Despite much excellent scholarship on the themes of media ecologies, eco-criticism, environmental sensing, media infrastructures, and ecological damage, scholars have yet to fully explore the representation of media-induced environmental change and its impact on cultural memory. Few studies have been conducted on the entanglements of extractive media with memory and representation. As such, even a critical portrayal of environmental change in memory and cultural institutions is often lacking. Additionally, no methodologies exist to record the effects of media’s extractive practices and render the impact of its technologies on the planet.

Could the emerging technologies of deep sensing, machine learning and analysis, in other words, depth’s technical capacities be re-oriented towards opening up new ways of environmental thinking? How does this affect society’s knowledge of actual energetic geographies and comprehension of environmental change? What cultural archives of this extractive media age could be co-constructed and how will they shape the production and transmission of environmental memory to society?

In my 3-year research project funded by Kone Foundation, my aim is to identify a methodology to represent the environmental impact of media geographies of extraction to generate societal awareness. In the coming years, I will explore the SEA, the LAND, and the SKY as sites of media extraction and transmission. Combining humanities and science, wild habitats and media infrastructures, machine learning and cultural archiving, my project will engage with the representation of environmental change. While, I explore the antecedents of contemporary image practices, and the systems and technologies of representation of environmental change, I will also examine the media ecologies instrumental in the intersections of material (extractive) and virtual (image) practices. Through field expeditions in the Nordic-Baltic region, accompanied by citizen participation with advanced imaging technologies, I hope to assemble an intelligent archive of environmental memory.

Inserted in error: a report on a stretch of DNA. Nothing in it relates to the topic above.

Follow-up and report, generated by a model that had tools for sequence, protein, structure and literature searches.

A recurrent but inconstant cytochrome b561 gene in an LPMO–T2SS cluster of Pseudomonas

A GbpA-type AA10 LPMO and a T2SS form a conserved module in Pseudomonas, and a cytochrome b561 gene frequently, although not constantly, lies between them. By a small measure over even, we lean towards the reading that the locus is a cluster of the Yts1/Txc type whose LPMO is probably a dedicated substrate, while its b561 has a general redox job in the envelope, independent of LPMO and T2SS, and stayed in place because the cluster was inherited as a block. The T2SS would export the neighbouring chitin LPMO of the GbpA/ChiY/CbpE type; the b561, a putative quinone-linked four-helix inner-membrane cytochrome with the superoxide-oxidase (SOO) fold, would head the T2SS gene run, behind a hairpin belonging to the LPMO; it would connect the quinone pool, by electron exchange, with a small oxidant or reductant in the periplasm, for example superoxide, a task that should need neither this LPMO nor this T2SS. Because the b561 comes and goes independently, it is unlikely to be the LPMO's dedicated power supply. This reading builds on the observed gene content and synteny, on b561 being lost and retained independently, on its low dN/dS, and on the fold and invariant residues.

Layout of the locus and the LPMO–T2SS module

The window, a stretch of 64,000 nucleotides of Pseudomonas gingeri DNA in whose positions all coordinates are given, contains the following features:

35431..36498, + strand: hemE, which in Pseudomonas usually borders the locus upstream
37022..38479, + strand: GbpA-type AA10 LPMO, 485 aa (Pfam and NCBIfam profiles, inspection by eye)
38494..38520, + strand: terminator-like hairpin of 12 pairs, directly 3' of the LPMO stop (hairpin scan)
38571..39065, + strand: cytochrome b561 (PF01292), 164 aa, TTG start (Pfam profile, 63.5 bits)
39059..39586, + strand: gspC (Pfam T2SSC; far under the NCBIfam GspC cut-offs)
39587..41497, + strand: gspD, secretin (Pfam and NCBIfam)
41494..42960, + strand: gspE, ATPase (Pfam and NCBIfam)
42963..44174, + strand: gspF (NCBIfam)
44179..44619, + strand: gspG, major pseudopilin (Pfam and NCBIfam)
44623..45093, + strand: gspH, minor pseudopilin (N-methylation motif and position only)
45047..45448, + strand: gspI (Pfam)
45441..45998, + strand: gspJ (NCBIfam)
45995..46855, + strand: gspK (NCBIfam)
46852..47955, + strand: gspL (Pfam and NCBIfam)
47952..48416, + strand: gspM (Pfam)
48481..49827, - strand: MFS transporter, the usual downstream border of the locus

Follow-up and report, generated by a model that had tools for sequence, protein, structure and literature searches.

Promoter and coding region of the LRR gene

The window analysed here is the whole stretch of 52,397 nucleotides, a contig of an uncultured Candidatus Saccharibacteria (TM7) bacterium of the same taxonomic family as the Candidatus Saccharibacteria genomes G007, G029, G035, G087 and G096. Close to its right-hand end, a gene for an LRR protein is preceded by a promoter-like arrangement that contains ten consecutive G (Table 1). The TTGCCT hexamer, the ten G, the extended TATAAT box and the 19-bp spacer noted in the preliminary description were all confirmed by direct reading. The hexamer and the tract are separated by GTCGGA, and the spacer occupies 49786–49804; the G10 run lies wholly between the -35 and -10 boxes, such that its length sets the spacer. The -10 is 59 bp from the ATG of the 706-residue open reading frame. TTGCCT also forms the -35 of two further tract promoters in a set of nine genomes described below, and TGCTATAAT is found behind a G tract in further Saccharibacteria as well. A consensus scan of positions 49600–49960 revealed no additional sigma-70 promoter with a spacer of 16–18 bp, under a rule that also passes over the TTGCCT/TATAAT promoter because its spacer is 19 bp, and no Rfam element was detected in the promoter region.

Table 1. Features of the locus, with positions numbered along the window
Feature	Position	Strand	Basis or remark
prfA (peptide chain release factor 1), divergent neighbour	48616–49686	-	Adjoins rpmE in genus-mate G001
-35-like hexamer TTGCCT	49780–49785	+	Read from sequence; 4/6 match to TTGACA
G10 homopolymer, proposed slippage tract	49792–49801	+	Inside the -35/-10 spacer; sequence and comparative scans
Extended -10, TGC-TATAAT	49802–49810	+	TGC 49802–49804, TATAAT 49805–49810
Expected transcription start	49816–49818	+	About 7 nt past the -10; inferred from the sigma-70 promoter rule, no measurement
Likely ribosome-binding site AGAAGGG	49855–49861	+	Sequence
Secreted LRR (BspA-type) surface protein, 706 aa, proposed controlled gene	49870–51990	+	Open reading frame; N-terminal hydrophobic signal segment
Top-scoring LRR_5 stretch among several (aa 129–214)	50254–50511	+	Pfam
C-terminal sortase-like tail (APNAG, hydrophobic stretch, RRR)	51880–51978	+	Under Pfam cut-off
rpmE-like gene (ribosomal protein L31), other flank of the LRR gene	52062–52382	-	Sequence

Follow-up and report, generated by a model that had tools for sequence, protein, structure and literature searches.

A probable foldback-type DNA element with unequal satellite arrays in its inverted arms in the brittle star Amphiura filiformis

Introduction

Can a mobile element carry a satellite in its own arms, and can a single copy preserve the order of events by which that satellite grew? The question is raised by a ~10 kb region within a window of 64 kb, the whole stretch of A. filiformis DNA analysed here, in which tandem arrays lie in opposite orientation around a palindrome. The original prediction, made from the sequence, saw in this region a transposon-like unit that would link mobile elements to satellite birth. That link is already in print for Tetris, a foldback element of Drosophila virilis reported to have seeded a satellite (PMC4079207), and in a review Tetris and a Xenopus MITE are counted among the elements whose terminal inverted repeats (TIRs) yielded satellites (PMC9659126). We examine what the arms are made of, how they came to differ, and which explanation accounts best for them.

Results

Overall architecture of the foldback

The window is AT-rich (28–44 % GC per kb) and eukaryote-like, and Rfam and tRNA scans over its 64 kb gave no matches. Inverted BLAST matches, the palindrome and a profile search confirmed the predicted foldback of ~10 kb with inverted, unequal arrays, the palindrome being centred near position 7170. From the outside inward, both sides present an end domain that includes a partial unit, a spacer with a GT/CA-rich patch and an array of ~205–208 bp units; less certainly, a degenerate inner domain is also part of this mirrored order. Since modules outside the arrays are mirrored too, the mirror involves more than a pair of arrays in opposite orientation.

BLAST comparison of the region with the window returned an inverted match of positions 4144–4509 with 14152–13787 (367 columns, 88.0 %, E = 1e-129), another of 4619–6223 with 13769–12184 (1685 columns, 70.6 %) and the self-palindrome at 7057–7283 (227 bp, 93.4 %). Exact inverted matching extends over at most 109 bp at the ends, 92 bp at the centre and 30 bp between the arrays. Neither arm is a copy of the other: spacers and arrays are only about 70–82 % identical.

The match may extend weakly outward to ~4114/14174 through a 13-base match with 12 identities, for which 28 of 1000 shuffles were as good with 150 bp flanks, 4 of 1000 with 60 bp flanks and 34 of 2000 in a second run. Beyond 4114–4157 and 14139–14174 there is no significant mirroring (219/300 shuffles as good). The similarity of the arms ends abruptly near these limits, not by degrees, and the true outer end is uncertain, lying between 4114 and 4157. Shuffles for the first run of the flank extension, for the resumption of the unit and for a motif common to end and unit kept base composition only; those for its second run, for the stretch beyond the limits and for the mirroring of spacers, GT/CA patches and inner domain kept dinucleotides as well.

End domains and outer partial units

[1] Jussi Parikka, “MediaNatures,” in PostHuman Glossary, edited by Rosi Braidotti and Maria Hlavajova, (Bloomsbury, 2018): 251-253. [2] Wolfgang Ernst, “Agencies of Cultural Feedback: The Infrastructure of Memory,” in Waste-Site Stories: The Recycling of Memory, edited by Brian Neville and Johanne Villeneuve, (Albany, NY: State University of New York Press, 2002): 107-120. [3] Parikka, “MediaNatures”, 251. See also, Jussi Parikka, The Geology of Media, University of Minnesota Press, 2015. [4] Samir Bhowmik and Jussi Parikka, Infrascapes for Media Archaeographers (Forthcoming 2019)


Samir Bhowmik

Samir Bhowmik’s multi-disciplinary art and research practice deals with contemporary issues in media, cultural memory and the environment. His research at Aalto University Media Lab and the Humboldt-Universität zu Berlin examines the architectural, infrastructural and energetic entanglements of cultural memory. Samir graduated as a Doctor of Arts from Aalto University, and holds a Master of Architecture from the University of Maryland, United States. His recent infrastructural performance art project ‘Memory Machines’ opened at the Helsinki Central Library in January 2019, as part of the Library’s Other Intelligences project organized by the Finnish Cultural Institute of New York.